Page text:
Assurance on XBRL Instance Document: A Conceptual Framework of Assertions
Rajendra P. Srivastava
University of Kansas - Accounting and Information Systems Area
September 9, 2009
XBRL stands for extensible business reporting language. It is an XML based computer language for reporting business information. Starting December 2008, the United States Security and Exchange Commission (US SEC) has a proposal requiring top 500 public companies to file their financial statements with the SEC not only in the text format (i.e., in ASCII or HTML) but also in the XBRL format. The file created using XRBL language is called an XBRL instance document. Under this requirement, the filers are not required to obtain a third party assurance on the XBRL instance document. The main reason for not requiring a third party independent assurance of XBRL instance documents is to encourage filers to comply with the SEC requirement without incurring much added costs. In addition, to encourage the filers to comply with this requirement, the SEC is not holding filers legally liable of any errors in the filed XBRL instance documents so long as they look similar to the standard reports when viewed using the SEC viewer.
Even though the SEC is not currently requiring a third party assurance of the XBRL instance documents of the SEC filings, it is in the best interest of the public that these documents be assured. Although there have been efforts by both the practitioners and academics to investigate issues involved in providing assurance on XBRL documents, these efforts have been focused on the specifics of the assurance process and the difficulties involved in it; but no efforts have been devoted to developing a framework of assertions similar to the management assertions in the financial audit. Without a conceptual framework, the assurance process for XBRL instance document would be incoherent and inconsistent. This paper develops a set of assertions for providing assurance on XBRL instance documents similar to the management assertions for financial audits. Further, we discuss how such a framework would assist auditors in planning and evaluating such an engagement by collecting appropriate items of evidence pertaining to specific assertions to form an opinion whether the instance document is a true representation of the text document. We also discuss how the use of a technology would make the assurance process more effective and efficient.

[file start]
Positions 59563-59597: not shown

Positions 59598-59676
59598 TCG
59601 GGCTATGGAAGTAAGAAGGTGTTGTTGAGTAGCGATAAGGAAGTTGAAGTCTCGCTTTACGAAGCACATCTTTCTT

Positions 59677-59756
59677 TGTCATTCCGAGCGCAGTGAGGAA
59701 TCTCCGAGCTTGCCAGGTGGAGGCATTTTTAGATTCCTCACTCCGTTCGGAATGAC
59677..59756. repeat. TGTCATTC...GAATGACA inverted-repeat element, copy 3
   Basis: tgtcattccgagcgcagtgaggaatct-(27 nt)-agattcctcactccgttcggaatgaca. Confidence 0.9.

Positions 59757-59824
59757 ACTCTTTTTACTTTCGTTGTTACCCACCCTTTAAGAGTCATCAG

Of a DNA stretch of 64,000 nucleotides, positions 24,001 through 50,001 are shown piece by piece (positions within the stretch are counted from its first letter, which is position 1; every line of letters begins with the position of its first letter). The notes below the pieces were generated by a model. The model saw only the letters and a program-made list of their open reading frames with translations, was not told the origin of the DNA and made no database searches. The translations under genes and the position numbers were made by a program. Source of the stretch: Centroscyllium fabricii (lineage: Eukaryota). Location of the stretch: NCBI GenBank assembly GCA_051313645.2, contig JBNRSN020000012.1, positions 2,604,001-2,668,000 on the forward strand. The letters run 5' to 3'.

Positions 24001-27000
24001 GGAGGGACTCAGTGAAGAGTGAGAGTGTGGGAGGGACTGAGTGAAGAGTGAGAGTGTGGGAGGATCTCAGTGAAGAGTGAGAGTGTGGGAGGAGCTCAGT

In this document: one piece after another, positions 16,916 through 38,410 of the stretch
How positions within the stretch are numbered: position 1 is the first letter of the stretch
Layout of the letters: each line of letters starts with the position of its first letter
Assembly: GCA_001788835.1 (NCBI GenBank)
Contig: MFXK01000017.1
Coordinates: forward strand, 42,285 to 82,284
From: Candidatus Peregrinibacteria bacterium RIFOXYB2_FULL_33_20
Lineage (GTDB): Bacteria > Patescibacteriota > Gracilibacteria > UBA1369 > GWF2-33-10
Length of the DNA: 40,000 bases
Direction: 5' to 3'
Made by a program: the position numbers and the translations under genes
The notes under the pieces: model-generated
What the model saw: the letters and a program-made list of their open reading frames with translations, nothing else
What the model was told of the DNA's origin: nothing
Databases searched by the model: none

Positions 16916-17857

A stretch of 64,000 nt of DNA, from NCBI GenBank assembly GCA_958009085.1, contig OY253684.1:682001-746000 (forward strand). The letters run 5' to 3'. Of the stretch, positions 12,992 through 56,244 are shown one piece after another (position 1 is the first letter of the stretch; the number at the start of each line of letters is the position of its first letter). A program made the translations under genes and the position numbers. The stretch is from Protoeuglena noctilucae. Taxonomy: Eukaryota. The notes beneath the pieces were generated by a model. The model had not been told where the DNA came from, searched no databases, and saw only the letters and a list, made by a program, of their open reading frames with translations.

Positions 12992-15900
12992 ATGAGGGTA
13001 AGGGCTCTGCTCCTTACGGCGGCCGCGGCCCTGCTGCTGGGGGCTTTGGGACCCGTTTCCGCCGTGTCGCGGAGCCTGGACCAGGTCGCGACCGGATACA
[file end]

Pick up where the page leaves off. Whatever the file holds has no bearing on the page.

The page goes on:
Number of Pages in PDF File: 27
Keywords: Assurance, Assertions, XBRL, Instance Document, Framework
JEL Classification: M49
Date posted: October 26, 2008 ; Last revised: July 26, 2014
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